Guilds are a fundamental part of the game, and a gateway to higher-level raiding of fortresses (such as the pagoda you might have wondered about on the north part of the map) and higher level organized PvP, including the upcoming 100 vs 100 multi-guild battles. Guilds also have access to an instanced zone with, among other things, their own mining nodes. But there are other reasons and benefits to joining a guild.
Maikel explained: “There’s various reasons why guilds and especially social ties between players, in Revelation Online are more interesting than in most games. It has to do with creating more social ties for players. One of this what I call the soulmate system (it’s not in there under that name). You have a kind of intimacy level between players. By doing more quests together, that ranks up. Eventually you can sign a contract – some would call that marriage – but you want to be ‘married’ because you can unlock special abilties. One is to resurrect your partner, which comes in handy especially in PvP... It’s cute, and super useful.”
Another uniquely and upcoming sociable aspect of the game is housing. Being an Eastern-themed MMO, there has to be a gigantic beneficent turtle roaming the lands of Nuanor. In Revelation Online, this one has a massive Inn on his commodious back where players can carve out some space of their own. Over 160 items are already available to cozy up their apartment, some of which are interactive. If you happen to meet a neighbor you like in the lobby, you might invite them in for some spa time, for example. Player housing will also serve as a home to your companions as well.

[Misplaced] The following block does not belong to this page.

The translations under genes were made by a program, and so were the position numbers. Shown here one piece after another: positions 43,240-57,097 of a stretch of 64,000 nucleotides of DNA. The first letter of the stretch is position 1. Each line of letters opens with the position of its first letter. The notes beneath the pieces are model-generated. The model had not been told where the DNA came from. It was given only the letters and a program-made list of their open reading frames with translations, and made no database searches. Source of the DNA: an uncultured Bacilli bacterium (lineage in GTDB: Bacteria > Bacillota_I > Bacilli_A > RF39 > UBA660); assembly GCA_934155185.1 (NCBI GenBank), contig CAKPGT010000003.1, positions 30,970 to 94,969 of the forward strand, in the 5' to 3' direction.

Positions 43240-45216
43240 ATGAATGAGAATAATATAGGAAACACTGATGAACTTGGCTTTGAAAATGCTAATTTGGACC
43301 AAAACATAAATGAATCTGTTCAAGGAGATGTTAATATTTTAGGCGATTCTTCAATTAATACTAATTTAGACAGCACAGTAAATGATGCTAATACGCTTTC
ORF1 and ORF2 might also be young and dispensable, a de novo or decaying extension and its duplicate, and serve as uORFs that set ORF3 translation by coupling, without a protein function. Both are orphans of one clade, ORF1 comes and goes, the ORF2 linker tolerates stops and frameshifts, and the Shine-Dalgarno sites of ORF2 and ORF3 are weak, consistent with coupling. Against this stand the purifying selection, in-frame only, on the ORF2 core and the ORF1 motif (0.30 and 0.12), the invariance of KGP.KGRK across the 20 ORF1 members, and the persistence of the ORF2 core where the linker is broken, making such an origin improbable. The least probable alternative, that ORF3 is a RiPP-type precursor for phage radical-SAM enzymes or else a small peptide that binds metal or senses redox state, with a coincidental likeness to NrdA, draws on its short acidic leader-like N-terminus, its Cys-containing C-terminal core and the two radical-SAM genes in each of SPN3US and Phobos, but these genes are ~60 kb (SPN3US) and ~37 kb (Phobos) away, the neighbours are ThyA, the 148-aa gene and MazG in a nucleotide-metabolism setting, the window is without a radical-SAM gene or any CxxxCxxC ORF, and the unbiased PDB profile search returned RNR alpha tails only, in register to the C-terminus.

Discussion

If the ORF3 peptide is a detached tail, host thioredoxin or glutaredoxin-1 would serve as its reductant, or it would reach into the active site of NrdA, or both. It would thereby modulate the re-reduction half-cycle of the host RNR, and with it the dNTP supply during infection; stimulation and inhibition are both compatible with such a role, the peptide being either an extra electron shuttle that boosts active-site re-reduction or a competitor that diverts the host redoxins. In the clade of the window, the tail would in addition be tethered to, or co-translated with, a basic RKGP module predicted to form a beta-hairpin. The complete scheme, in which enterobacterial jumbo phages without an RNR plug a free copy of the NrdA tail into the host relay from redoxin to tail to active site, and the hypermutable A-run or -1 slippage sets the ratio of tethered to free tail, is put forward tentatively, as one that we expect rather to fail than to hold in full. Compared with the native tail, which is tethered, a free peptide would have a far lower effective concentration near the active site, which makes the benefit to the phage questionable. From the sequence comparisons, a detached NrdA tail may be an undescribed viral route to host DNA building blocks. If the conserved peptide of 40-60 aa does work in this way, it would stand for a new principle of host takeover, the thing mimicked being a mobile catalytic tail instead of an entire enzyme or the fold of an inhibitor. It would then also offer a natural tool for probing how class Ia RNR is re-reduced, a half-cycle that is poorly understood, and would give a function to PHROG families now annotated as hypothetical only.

What’s Next

With plenty of everything to keep players busy in the near term, NetEase and are looking ahead to summer 2017 to introduce housing with the assassin class following. In April the team will focus on an update called “Stardust” which will introduce an interactive board game with many games to play within the game and a fully new battleground that will cater to the Player versus Player oriented crowds.
Our thanks to Maikel van Dijk of for his insight into a promising open beta for Revelation Online.

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Last Updated: Mar 29, 2017

About The Author

Jeff joined the Ten Ton Hammer team in 2004 covering EverQuest II, and he's had his hands on just about every PC online and multiplayer game he could since.